It’s not my place to preach. As bubbles go, the last couple of years has been my favourite bubble so far. A lot of people have done very well and unlike the dot.com bubble or sub-prime mortgages – didn't we all know that a market correction was in the cards? I anticipate I have 3 bubble cycles left in my working life – so in the spirit of Yom Kippur and self-introspection, I would like to share what I have learned this year.
Projections are a guess – not the living words of God
During the dot.com bubble we counted clicks – over the last few years, we counted multiples of ARR (annual recurring revenue). The metrics are different. The approach is the same. When enough influential people buy into a valuation methodology, it spreads. A projection of ARR is, like any projection, speculative and uncertain. However, when you multiply that uncertainty by - 10x, 20x, or 30x, the disconnect with ROI (the return on investment) grows out of proportion. When cheap money dries up, investors that previously looked for growth at any costs are now advocating frugality. If your project is big eventually you will be held accountable (unless you're lucky enough to sell in time—see next).
Good is good enough
This has become one of my mantras. I have come across sellers who have taken an offer for their business even though it was not the best they could have received – and others – who held out assuming they could get more. When big numbers are floating around it is human nature to compare yourself to industry peers and expect the same. Unfortunately, market timing is beyond the control of any one company or investor. What was once only a “good” or “ok” offer, can become a poor offer, or no offer, in a matter of weeks or days. If you can make 2x and you’re holding out for 10x, is that because your life will be 5 times better? How would you feel about 0.2x?
Staying in the game– more is sometimes less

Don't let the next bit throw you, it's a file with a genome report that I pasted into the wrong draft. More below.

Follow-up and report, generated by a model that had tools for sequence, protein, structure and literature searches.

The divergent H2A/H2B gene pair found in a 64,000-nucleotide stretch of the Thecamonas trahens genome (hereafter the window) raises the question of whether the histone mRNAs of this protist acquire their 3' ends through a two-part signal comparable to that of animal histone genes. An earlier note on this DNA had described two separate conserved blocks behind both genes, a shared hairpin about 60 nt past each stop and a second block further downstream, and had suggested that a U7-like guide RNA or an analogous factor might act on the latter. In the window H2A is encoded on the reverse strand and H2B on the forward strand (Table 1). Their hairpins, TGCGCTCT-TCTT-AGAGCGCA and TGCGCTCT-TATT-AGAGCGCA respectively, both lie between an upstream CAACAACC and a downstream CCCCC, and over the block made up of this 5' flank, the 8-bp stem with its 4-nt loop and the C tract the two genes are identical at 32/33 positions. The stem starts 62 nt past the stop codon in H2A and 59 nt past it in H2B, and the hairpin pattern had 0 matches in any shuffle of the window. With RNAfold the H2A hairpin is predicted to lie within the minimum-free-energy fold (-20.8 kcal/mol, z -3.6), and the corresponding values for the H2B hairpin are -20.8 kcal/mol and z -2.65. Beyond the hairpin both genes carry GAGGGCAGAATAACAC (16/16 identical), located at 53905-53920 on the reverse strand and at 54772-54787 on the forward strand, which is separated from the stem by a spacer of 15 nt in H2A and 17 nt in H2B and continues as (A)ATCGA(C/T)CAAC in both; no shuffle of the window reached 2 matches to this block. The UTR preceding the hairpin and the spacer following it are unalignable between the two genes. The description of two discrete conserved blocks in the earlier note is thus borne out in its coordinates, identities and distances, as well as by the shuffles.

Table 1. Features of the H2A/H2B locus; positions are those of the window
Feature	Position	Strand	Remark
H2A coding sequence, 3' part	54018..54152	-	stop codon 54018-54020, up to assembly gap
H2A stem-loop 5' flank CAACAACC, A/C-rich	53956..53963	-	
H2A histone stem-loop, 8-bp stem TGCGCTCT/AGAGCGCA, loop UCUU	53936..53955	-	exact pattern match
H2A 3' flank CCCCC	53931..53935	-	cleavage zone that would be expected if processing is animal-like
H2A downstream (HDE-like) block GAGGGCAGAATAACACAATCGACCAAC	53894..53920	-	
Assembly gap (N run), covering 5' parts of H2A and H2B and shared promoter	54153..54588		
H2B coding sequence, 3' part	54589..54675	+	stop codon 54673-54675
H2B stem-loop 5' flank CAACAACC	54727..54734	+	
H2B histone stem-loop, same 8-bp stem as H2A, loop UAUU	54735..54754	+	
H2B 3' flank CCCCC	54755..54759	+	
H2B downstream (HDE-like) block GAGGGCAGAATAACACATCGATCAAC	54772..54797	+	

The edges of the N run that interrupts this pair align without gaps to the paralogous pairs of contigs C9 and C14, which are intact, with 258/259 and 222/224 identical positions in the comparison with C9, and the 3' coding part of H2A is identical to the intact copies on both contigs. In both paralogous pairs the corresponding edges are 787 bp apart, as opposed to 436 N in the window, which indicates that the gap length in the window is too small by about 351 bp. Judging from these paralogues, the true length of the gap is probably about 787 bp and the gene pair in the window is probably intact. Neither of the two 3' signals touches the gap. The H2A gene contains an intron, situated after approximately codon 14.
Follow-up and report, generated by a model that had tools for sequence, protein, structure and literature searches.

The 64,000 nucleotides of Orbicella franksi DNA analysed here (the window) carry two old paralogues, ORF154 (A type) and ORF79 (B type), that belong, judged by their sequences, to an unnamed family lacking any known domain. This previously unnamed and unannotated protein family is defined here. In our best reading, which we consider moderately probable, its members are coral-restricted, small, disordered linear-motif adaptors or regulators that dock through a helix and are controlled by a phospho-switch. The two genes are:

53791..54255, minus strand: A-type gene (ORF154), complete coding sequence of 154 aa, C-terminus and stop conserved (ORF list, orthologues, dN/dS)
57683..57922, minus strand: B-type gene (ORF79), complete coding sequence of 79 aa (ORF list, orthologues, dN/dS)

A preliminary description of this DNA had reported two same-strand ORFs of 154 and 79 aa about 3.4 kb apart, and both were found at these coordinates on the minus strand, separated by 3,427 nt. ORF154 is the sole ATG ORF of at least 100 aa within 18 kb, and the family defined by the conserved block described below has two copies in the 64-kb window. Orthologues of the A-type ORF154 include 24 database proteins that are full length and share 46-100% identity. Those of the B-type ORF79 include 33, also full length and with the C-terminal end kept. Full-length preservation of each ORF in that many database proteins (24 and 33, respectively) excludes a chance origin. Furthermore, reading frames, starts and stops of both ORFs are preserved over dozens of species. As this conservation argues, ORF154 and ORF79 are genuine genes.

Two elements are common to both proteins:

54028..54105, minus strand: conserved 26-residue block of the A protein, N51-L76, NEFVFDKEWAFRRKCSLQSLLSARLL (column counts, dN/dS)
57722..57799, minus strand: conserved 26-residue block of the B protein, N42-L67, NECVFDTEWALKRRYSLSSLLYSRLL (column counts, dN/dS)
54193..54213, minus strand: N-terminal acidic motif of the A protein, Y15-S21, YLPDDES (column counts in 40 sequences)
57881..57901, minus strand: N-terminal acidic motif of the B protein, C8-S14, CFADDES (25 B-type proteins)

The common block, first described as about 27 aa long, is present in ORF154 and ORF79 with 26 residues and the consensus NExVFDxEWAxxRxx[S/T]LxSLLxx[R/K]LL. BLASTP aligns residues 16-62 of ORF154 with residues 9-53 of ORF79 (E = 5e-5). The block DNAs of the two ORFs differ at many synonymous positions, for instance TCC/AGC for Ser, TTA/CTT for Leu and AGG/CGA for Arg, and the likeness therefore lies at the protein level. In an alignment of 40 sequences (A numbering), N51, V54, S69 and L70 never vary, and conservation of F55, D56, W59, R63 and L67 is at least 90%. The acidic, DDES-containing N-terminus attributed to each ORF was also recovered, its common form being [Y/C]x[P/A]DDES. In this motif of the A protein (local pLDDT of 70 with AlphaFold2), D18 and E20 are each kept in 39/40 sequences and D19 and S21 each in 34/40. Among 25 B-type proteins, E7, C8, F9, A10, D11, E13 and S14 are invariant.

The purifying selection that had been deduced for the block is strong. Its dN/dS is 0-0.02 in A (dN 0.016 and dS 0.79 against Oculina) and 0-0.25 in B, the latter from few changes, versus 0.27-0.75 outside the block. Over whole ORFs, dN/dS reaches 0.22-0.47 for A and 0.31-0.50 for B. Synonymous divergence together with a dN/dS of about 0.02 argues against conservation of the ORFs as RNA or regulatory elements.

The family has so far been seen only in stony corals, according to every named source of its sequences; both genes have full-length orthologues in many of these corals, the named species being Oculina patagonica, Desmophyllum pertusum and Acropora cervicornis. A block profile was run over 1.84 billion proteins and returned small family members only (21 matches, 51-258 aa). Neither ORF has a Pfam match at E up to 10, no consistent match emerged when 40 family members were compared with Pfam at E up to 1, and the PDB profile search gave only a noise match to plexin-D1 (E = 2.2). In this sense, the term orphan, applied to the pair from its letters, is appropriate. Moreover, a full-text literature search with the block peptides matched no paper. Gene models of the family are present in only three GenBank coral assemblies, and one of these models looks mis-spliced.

‘You need to hire more quickly! Grow your sales team! Spend more on marketing!’ These are all bubble signs. The focus is placed on growth for the sake of growth because the valuations incentivize that. Undoubtedly, there are those companies and investors who have done well by timing this right. There are other cases where supercharged growth has worked. But in the long run, it is sometimes the more cautious companies that remain standing. There is a lot of value to just staying in the game. Building a business is a marathon – even though sometimes it seems more like an all-out sprint.
"A thankful heart is not only the greatest virtue but the parent of all other virtues" (Cicero). Of all the lessons I have learned over the last couple of years, gratitude is the most important one. When things are going well, hubris can sometimes creep in. If you're a founder, appreciate investors at all stages of your company's lifecycle. It's the right thing to do and you never know when you might need to go back to the people who trusted in you at the beginning. Investors– appreciate those founders who made huge personal sacrifices to try and create value for all – even if ultimately things haven’t gone as expected. To those in the business like myself– appreciate the clients who continue to send you work when they could send it to other equally qualified (though less handsome) lawyers.
Written by Adv. James Raanan, Partner at Amit, Pollak, Matalon & Co.